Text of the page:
"优柔寡断、软弱无能、缺乏远见、没有决断力。"

‘Your money matters have nothing to do with me now. You’re your own master; but I think you should remember that your money won’t last for ever, and the unlucky deformity you have doesn’t exactly make it easier for you to earn your living.’

  牧师倏地抬起头,朝侄儿扫了一眼,看看他是不是在嘲弄自己。菲利普的脸挺一本正经,可他那双眸子却在一闪一闪,惹得牧师大为恼火。菲利普不该这么玩世不恭。牧师觉得应该好好训侄儿一顿才是。

Philip knew by now that whenever anyone was angry with him his first thought was to say something about his club-foot. His estimate of the human race was determined by the fact that scarcely anyone failed to resist the temptation. But he had trained himself not to show any sign that the reminder wounded him. He had even acquired control over the blushing which in his boyhood had been one of his torments.

  "今后,我不再过问你金钱方面的事儿,你可以自己作主了。不过,我还是想提醒你一句,你的钱并不是多得花不完的,再说你还不幸身患残疾,要养活自己肯定不是件容易的事。"

‘As you justly remark,’ he answered, ‘my money matters have nothing to do with you and I am my own master.’

  菲利普现在明白了,不论是谁,只要一同他发火,第一个念头就要提一下他的跛足。而他对整个人类的看法正是由下面这一事实所决的:几乎没人能抵制住诱惑,不去触及人家的痛处。好在菲利普现在练多了,即使有人当面提到他的残疾,也能照样不露声色。菲利普小时常为自己动辄脸红而深深苦恼,而现在就连这一点他也能控制自如了。

‘At all events you will do me the justice to acknowledge that I was justified in my opposition when you made up your mind to become an art-student.’

  "你倒说句公道话,当初你执意要去学画,我反对你没有反对错吧不管怎么说,你这点总得承认罗。"

‘I don’t know so much about that. I daresay one profits more by the mistakes one makes off one’s own bat than by doing the right thing on somebody’s else advice. I’ve had my fling, and I don’t mind settling down now.’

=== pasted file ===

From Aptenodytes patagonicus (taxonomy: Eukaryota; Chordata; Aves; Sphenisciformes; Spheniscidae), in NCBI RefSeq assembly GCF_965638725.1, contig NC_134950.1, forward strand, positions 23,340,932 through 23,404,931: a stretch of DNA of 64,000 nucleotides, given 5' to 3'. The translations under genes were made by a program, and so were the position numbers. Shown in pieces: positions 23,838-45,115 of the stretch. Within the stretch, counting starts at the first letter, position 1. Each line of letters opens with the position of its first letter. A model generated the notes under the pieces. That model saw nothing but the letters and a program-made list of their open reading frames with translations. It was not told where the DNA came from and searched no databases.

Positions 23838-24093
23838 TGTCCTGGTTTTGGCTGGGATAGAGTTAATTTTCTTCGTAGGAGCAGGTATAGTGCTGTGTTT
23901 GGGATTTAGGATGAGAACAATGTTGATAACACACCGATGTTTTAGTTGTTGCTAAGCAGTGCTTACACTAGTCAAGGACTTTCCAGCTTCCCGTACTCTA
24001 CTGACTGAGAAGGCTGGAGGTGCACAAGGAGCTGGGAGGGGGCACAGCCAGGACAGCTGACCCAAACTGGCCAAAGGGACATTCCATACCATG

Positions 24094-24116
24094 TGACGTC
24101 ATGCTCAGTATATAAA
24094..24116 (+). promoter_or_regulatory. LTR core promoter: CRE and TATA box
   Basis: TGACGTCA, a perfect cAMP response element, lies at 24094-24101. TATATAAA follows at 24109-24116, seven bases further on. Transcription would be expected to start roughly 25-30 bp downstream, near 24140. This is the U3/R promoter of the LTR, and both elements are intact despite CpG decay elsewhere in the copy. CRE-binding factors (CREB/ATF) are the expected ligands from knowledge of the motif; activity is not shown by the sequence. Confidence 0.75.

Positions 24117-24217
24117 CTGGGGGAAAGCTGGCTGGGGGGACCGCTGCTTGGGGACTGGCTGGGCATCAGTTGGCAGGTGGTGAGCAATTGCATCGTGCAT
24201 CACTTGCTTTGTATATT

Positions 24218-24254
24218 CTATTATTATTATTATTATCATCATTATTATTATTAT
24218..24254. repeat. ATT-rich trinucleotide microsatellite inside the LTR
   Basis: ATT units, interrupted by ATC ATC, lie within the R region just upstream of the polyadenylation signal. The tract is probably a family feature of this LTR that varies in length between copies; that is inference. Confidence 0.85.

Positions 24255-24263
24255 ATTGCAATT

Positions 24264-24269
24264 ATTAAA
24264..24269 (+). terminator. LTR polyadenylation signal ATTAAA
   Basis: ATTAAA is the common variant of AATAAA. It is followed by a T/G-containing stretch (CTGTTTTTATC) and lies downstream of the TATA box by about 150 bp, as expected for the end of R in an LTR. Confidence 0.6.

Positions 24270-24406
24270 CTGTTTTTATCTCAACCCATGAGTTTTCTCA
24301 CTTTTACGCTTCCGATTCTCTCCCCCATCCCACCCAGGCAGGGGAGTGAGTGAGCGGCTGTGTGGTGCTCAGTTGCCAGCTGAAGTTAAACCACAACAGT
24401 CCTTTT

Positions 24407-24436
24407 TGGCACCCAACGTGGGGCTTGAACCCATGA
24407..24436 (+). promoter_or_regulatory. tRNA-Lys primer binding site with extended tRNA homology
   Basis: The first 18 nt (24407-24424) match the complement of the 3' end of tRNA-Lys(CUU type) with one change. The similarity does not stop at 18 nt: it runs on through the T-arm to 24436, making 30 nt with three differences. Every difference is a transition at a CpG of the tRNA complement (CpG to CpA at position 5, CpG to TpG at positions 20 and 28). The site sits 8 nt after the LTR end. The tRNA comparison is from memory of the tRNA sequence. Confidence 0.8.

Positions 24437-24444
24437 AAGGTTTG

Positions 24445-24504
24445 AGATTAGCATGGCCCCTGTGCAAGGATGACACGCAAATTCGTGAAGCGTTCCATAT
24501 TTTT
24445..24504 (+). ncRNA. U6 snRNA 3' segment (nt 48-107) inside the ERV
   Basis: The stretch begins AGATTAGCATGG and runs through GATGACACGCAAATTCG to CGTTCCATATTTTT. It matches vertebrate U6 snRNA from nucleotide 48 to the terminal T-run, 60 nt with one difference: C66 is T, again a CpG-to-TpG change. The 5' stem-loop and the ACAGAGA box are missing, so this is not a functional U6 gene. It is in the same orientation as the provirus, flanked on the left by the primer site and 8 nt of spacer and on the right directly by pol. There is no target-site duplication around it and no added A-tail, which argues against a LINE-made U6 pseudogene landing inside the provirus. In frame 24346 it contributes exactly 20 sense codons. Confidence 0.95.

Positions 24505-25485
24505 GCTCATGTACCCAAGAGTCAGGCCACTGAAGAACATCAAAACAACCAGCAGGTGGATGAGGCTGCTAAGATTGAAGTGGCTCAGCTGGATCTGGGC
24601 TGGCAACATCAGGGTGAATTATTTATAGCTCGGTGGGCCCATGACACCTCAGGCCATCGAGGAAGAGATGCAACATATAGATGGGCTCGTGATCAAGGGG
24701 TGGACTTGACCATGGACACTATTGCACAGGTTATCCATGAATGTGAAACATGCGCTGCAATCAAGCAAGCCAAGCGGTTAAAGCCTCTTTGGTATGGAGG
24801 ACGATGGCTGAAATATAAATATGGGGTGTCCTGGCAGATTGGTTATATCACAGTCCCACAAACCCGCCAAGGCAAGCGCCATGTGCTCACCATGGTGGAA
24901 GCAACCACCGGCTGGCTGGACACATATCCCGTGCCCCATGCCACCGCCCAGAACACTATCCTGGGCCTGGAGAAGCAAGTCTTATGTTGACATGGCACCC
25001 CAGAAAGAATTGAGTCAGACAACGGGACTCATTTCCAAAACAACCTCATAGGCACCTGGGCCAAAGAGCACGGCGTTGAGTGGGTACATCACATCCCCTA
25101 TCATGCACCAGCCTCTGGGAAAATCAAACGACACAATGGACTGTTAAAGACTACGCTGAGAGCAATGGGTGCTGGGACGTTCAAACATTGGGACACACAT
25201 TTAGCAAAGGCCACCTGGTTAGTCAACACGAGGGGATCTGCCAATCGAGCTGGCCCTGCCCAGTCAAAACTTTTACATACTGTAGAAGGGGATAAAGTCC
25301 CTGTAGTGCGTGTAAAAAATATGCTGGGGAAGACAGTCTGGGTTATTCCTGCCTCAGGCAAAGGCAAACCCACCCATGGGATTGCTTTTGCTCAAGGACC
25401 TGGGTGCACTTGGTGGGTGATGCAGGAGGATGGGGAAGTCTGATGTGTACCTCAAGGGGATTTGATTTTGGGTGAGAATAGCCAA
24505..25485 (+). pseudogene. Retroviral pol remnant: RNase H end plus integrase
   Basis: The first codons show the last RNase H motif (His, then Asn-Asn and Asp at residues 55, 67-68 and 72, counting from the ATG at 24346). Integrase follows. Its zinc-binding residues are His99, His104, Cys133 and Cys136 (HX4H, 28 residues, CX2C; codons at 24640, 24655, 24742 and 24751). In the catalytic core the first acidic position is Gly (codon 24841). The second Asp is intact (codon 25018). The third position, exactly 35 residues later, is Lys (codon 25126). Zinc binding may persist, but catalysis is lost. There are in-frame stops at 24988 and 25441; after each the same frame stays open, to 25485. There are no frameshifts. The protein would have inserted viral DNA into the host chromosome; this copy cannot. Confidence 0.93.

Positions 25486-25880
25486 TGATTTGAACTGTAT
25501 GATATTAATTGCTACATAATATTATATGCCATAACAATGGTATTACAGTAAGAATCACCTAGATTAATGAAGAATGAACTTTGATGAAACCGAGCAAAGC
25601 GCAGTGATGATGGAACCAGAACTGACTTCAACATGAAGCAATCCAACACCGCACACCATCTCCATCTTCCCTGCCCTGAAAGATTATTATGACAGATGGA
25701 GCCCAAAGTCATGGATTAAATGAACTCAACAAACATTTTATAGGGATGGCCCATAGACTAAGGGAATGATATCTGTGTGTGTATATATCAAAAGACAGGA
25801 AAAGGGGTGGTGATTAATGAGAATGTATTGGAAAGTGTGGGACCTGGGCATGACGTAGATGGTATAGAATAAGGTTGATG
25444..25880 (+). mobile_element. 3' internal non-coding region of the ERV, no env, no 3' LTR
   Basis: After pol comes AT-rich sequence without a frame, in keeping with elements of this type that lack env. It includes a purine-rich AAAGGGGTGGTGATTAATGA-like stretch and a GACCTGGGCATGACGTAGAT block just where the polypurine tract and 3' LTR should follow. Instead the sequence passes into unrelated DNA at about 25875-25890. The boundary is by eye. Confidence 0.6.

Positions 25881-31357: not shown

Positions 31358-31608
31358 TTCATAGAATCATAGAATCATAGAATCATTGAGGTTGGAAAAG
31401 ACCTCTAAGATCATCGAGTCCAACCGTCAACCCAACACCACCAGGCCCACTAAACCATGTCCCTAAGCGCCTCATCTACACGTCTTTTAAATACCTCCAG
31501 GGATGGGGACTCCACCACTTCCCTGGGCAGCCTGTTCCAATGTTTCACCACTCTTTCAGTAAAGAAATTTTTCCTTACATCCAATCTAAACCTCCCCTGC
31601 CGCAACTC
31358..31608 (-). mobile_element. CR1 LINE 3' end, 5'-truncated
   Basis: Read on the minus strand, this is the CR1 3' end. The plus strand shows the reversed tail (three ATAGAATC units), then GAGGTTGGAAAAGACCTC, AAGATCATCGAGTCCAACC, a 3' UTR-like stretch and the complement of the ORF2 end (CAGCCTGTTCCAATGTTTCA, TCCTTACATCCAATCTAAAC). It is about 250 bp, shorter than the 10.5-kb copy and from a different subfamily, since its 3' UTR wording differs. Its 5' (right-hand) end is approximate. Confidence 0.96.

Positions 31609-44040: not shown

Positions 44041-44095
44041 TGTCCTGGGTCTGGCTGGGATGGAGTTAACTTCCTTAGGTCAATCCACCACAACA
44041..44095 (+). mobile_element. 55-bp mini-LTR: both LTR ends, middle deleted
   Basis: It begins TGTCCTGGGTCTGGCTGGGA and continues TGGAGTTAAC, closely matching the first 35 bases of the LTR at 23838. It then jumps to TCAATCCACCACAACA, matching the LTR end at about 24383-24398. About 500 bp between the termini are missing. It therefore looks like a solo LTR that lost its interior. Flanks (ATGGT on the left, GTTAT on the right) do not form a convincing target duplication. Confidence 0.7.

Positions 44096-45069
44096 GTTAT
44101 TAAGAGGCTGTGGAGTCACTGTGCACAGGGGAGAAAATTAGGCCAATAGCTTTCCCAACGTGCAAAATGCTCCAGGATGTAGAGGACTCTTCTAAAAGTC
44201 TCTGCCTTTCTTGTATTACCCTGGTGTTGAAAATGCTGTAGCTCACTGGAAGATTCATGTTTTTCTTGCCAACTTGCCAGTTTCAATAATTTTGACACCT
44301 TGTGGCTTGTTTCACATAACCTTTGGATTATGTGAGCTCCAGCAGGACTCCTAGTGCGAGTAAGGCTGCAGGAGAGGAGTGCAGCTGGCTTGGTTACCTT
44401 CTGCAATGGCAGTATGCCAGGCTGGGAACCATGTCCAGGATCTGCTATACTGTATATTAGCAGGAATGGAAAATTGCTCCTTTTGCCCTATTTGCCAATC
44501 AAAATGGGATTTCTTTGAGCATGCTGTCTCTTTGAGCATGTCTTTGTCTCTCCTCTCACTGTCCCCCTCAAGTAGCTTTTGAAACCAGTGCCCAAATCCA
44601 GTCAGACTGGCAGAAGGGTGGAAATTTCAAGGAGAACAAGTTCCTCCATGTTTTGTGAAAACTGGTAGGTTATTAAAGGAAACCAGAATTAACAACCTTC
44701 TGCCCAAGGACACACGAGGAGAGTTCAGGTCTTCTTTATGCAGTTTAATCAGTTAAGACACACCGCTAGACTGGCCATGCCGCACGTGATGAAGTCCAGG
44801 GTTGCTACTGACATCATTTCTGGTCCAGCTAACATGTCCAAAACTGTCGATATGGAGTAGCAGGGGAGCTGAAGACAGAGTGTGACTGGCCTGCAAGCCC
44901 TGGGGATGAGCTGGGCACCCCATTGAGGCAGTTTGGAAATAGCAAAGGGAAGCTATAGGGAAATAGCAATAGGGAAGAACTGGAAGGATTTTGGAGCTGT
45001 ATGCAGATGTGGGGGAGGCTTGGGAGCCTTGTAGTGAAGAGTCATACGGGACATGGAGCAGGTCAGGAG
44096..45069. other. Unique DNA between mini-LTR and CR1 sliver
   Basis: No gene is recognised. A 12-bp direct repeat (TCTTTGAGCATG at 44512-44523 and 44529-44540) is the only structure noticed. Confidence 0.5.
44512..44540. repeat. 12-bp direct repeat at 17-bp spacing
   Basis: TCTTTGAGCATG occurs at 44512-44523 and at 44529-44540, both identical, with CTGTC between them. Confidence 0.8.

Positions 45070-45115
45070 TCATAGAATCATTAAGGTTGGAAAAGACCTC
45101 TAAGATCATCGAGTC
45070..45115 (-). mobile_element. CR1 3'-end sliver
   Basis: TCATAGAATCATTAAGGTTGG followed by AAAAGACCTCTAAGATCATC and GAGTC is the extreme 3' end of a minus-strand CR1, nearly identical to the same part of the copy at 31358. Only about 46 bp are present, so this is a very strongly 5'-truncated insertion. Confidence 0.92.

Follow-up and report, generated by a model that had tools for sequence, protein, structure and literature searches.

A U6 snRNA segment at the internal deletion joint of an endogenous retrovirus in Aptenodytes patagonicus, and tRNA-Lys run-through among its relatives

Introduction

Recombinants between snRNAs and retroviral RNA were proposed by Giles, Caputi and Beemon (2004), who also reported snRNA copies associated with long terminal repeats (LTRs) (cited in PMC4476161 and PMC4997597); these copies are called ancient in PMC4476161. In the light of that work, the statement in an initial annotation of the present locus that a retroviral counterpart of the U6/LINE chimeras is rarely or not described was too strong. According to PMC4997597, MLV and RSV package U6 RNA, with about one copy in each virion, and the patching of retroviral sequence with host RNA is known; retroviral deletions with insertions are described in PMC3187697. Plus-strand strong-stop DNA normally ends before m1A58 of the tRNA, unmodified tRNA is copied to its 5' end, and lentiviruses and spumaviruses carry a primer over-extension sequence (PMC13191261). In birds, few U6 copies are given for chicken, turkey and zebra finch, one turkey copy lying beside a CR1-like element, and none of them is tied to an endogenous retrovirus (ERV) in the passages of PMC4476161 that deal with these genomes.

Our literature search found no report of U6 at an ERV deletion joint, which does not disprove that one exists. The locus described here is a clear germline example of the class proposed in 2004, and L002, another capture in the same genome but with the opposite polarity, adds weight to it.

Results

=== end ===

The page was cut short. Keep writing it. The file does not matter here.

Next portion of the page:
"这一点我可说不清楚。我想,一个人与其在别人指点下规规矩矩行事,还不如让他自己去闯闯,出点差错,反能获得更多的教益。反正我已放荡过一阵子。现在我不反对找个职业安顿下来。"

‘What at?’

  "干哪一行呢?"

Philip was not prepared for the question, since in fact he had not made up his mind. He had thought of a dozen callings.

  菲利普对这个问题毫无准备,事实上,他连主意也没最后拿定。他脑子里盘算过十来种职业。

‘The most suitable thing you could do is to enter your father’s profession and become a doctor.’

  "对你来说,最合适的莫过于继承父业,当一名医生。"

‘Oddly enough that is precisely what I intend.’

  "好不奇怪,我也正是这么打算的呢。"

He had thought of doctoring among other things, chiefly because it was an occupation which seemed to give a good deal of personal freedom, and his experience of life in an office had made him determine never to have anything more to do with one; his answer to the Vicar slipped out almost unawares, because it was in the nature of a repartee. It amused him to make up his mind in that accidental way, and he resolved then and there to enter his father’s old hospital in the autumn.

  在这么多的职业中,菲利普所以会想到行医这一行,主要是因为医生这个职业可以让人享受到更多的个人自由,而他过去蹲办公室的那段生活经历,也使他决心不再干任何与办公室沾边的差事。可他刚才对牧师的回答,几乎是无意识脱口而出的,纯粹是一种随机应变的巧答。他以这种偶然方式下定了决心,自己也感到有点好玩。他当场就决定于秋季进他父亲曾念过书的医院。

‘Then your two years in Paris may be regarded as so much wasted time?’

  "这么说来,你在巴黎的那两年就算自丢了?"

‘I don’t know about that. I had a very jolly two years, and I learned one or two useful things.’

  "这我可说不上来。这两年我过得很快活,而且还学到了一两件本事。"

‘What?’

  "什么本事?"

Philip reflected for an instant, and his answer was not devoid of a gentle desire to annoy.

  菲利普沉吟片刻,他接下来所作的回答,听起来倒也不无几分撩拨人的意味。

‘I learned to look at hands, which I’d never looked at before. And instead of just looking at houses and trees I learned to look at houses and trees against the sky. And I learned also that shadows are not black but coloured.’

  "我学会了看手,过去我从来没有看过。我还学会了如何借天空作背景来观察房屋和树木,而不是孤零零地观察房屋和树木。我还懂得了影子并不是黑色的,而是有颜色的。"

‘I suppose you think you’re very clever. I think your flippancy is quite inane.’

  "我想你自以为很聪明吧,可我认为你满口轻狂,好蠢。"